Words, words, words

Few authors cited in the Oxford English Dictionary are responsible for as many arcane and obscure words as the polymath, Sir Thomas Browne (1605-1682). OED states he’s responsible for 4156 quotations illustrating definitions, 767 of which provided evidence of first usage of the word cited. 1575 of the quotations gave first evidence of a particular meaning. He appears at No. 73 in the OED’s current list of top cited sources, above Shelley, George Eliot, and Ruskin. [Note the use of the Oxford comma; this is about the OED, after all.]

After graduating from Oxford he studied medicine in Europe. He practised as a physician in Norwich from 1637 until his death. His writings – and his language – were deeply influenced by his scientific, theological and philosophical interests.

His erudite enquiries into science and religion are notable for their wit, their fascination with the natural world, and their attraction to the esoteric, and all of these characteristics are evident in his vocabulary. Like lithomancy: divination by signs derived from stones (not sure how that would work in practice – what kinds of stones – or signs? Some of our current political leaders appear to use this, or something like it, as a means of determining policy.)

Appropriately for the person who first talked of classical Latin, Browne’s neologisms are mostly scholarly derivations from Latin. They are often minutely, scientifically precise, but have a quality of baroque humour and curiosity which prevents them being merely pedantic ink-horn terms. Many originate through his efforts as, in one of his own terms, a zodiographer: a person who writes about or describes animals.

In Pseudodoxia Epidemica – an encyclopaedic exploration of received wisdom which refutes such vulgar errors as the belief that elephants don’t have any joints, or that children, without instruction, would grow up naturally speaking Hebrew – Browne describes a snail not as a boneless creature, but an exosseous one.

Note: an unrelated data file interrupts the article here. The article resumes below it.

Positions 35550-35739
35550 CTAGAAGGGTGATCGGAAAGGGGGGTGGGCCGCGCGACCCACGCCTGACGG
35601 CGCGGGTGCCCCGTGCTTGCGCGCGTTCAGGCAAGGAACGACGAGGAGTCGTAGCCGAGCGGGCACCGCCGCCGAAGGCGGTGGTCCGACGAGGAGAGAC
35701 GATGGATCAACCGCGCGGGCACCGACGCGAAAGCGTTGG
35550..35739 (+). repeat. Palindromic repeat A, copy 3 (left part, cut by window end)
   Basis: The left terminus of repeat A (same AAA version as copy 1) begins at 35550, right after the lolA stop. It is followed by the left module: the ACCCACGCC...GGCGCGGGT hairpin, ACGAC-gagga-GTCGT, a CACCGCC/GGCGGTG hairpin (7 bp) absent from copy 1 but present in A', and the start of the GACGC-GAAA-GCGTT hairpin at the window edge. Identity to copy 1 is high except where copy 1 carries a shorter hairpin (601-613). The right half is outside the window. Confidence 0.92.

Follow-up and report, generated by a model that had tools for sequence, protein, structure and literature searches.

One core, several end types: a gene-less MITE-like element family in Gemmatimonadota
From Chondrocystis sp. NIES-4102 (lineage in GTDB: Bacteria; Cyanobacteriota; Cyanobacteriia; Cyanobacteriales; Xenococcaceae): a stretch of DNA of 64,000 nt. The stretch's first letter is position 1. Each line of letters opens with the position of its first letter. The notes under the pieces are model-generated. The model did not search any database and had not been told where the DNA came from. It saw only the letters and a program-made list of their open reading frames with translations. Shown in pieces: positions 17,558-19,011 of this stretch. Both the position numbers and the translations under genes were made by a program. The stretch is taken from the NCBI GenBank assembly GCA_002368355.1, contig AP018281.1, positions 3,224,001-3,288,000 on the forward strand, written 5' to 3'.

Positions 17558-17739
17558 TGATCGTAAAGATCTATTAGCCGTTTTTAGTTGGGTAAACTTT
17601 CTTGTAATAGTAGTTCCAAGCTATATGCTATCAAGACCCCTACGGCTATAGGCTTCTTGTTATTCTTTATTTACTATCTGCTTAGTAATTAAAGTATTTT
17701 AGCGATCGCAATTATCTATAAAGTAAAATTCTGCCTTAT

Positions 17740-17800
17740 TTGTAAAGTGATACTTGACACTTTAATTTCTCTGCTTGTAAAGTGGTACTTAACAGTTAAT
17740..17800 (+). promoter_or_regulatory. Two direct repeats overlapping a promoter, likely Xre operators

He writes not of the flight of birds, but their acts of volitation. Not the twittering of cicadas, but their fritiniency; not the booming call of the bittern, but its ‘mugient noyse’. Nightingales aren’t melodious, but canorous; earwigs aren’t wingless, but impennous. He invents peculiarly specific adjectives such as tauricornous (‘having horns like those of a bull’). Hedgehogs aren’t simply spiny or prickly, they’re aculeous.

Some while ago I posted on his use of latitant, ‘hidden, latent’, his example referring to the practice of diverse lizards, snails, etc., of hiding away for periods of time. I came across the term ‘latebricole’, living hidden in a hole, like certain types of predatory animals, especially spiders.

Many of Browne’s coinages are more generally useful than this, and some have proved enduring, most famously electricity, and medical, but also indigenous, ferocious, migrant, coma, therapeutic, anomalous, prairie, ascetic, carnivorous, selection and ambidextrous, among others.